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Historical remains discovered in Brantford possibly connected to Mohawk Institute Residential School

Historical remains discovered in Brantford possibly connected to Mohawk Institute Residential School

BRANTFORD — The newly created Task Force charged with investigating the deaths of children at the Mohawk Institute has received its first case. The investigation of an unmarked burial found in August 2020 near Glenwood Drive in Brantford, Ontario, is now being reviewed to determine if it may be associated with the Mohawk Institute. Given

BRANTFORD — The newly created Task Force charged with investigating the deaths of children at the Mohawk Institute has received its first case.

The investigation of an unmarked burial found in August 2020 near Glenwood Drive in Brantford, Ontario, is now being reviewed to determine if it may be associated with the Mohawk Institute. Given the close proximity of the burial to the lands known to be used by the Mohawk Institute and the receipt of a new report suggesting the person was an adolescent at the time of their death, this matter has been transferred to the Task Force looking into the deaths of children at the former residential school. The Task Force includes both police service membership and representatives from Ontario’s death investigation system. This decision was made in close consultation with Survivors and the Survivors’ Secretariat.

“This is a child that has been found. A full and proper death investigation is required to determine who this child is and how they came to be buried in this location. This child deserves respect; they need a name and we need to remember they were a child and their family needs to know what happened.” said Roberta Hill, Survivor of the Mohawk Institute.

“We must honour and respect the spirit of this child so this move to a death and potential criminal investigation through the coroner’s office and the Task Force is very important,” said Dr. Beverly Jacobs, Indigenous Human Rights Monitor, Survivors’ Secretariat. “The human rights violations that have occurred to residential school children must give rise to reparations and justice. This first investigation is just the beginning.”

“The Office of the Chief Coroner is working with experts currently engaged with the burial site in Brantford and will apply a principled, respectful and thorough investigation to try to find answers regarding who this young person is, why and how they came to be at this site,” said Dr. Dirk Huyer, Chief Coroner for Ontario.

The Mohawk Institute was the first and longest running Indian Residential School in Canada. Indigenous children from more than 20 First Nations were impacted during the 136 years the Mohawk Institute was in operation. The lands associated with the Institute exceed 500 acres and are the focus of work led by the Survivors’ Secretariat.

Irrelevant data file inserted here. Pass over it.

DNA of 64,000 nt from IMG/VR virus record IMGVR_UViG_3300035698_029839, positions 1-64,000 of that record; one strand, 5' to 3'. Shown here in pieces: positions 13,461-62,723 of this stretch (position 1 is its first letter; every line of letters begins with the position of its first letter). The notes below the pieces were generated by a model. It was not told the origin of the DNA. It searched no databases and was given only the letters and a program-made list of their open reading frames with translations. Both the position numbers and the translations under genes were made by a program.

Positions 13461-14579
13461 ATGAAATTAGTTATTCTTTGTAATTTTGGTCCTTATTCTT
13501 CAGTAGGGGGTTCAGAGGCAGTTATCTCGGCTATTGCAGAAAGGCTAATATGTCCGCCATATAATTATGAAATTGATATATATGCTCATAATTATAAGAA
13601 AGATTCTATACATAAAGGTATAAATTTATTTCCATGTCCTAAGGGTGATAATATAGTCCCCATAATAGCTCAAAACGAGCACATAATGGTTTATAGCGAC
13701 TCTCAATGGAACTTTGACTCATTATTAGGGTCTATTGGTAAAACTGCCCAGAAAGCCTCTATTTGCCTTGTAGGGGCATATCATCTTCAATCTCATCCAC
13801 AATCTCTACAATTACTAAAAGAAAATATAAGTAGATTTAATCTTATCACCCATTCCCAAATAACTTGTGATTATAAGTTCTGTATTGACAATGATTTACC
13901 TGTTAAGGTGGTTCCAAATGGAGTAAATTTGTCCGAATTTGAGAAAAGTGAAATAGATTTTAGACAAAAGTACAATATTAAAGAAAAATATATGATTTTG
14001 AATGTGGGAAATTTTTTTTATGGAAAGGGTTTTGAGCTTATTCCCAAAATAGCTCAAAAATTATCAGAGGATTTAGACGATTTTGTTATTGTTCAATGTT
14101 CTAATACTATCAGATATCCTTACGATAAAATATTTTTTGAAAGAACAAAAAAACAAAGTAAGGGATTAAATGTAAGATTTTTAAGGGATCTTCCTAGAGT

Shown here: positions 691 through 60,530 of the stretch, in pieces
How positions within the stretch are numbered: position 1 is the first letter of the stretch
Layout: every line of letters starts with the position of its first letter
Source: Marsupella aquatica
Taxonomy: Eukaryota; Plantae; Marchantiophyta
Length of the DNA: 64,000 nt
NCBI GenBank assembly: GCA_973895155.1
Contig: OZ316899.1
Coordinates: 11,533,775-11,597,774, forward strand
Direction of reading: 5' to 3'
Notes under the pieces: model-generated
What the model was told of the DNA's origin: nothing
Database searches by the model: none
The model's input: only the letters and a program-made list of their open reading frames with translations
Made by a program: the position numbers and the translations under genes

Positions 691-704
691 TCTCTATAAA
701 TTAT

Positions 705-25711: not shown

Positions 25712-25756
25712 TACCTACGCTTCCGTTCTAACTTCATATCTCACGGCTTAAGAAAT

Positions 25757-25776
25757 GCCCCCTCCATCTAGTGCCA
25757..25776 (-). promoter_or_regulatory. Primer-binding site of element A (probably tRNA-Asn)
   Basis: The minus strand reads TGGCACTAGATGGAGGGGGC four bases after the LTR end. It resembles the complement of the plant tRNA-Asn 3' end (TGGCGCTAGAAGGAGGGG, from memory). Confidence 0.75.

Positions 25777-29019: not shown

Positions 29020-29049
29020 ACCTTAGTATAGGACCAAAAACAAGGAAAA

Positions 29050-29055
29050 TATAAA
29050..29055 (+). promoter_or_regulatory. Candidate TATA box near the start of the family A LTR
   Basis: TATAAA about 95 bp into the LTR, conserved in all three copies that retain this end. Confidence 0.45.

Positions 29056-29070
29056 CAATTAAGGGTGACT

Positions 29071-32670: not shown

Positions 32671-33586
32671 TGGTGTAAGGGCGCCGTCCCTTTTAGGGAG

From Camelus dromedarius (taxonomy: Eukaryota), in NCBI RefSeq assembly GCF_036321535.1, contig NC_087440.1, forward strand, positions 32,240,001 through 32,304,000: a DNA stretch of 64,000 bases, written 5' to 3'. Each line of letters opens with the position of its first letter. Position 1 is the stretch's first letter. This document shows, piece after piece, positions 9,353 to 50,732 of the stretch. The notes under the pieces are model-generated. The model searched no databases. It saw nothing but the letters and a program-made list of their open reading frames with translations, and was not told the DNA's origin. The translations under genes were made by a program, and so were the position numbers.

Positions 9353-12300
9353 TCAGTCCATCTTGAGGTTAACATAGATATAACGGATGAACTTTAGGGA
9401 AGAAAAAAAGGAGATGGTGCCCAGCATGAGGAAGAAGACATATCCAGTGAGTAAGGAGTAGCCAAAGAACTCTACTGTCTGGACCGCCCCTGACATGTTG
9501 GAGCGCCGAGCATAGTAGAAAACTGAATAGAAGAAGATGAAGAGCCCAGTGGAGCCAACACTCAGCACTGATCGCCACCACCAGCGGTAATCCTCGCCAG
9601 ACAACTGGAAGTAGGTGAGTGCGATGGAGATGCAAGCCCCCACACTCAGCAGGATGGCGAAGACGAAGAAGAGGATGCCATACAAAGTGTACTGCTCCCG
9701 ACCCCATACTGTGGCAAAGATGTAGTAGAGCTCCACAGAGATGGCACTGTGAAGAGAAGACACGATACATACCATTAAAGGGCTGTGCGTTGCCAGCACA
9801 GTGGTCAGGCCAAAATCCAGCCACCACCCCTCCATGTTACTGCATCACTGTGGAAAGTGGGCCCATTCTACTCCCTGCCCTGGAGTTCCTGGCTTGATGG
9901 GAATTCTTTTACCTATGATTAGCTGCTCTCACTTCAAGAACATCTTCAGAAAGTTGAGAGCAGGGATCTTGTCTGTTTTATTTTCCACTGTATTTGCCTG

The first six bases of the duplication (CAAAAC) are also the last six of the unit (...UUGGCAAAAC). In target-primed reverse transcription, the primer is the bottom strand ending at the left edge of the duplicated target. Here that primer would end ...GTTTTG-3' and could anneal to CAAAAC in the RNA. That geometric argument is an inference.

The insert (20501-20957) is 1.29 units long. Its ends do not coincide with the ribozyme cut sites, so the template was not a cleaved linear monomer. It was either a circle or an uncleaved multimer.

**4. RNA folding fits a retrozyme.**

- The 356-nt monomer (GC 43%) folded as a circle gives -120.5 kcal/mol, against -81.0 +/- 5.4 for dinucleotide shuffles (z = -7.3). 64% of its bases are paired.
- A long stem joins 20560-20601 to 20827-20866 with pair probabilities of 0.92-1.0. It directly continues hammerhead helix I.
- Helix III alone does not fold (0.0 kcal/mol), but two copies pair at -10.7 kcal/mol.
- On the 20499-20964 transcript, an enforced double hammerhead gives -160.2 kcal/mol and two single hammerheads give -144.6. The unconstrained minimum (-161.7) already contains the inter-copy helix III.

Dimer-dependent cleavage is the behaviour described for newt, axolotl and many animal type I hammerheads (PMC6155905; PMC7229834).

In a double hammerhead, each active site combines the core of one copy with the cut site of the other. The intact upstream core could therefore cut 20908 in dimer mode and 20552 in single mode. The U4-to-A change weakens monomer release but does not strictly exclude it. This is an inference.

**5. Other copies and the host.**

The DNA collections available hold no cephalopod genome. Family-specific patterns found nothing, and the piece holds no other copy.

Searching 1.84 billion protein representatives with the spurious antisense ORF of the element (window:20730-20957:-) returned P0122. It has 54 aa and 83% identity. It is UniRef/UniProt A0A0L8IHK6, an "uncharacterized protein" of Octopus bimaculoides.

The Survivors’ Secretariat is a Survivor-led initiative established in 2021. The Secretariat coordinates protocols and processes associated with death investigations and facilitates the gathering of community and Survivor statements as they work to document and share the truth about what happened at the Mohawk Institute during its 136 years of operation. The Police Task Force was created in 2021 to investigate the deaths of children who died while attending the Mohawk Institute; its work is overseen by the Survivors’ Secretariat.

If you need support or counselling:

Hope for Wellness Help Line offers immediate mental health counselling and crisis intervention to all Indigenous peoples across Canada. Experienced helpline counsellors, many of whom are Indigenous, can find wellness supports available in your area. You can reach this help line at: 1-855-242-3310 toll-free, 24/7.

The Indian Residential Schools Crisis Line (1-866-925-4419) is available 24 hours a day for anyone experiencing pain or distress as a result of their residential school experience.

The Indigenous Victim Services at Six Nations Line (1-866-964-5920). After hours & weekends: 1-866-445-2204. Help is available to people living in Brantford, Hamilton or the Six Nations community.

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Nahnda Garlow

Nahnda Garlow

Nahnda Garlow is Onondaga under the wing of the Beaver Clan of Six Nations. Nahnda has been a journalist with the Two Row Times since it's founding in 2013. She is a self-proclaimed "rez girl" who brings to the Two Row Times years of experience as a Haudenosaunee cultural interpreter, traditional dancer and beadwork aficionado. Nahnda is a member of the Canadian Association of Journalists and the Native American Journalists Association.

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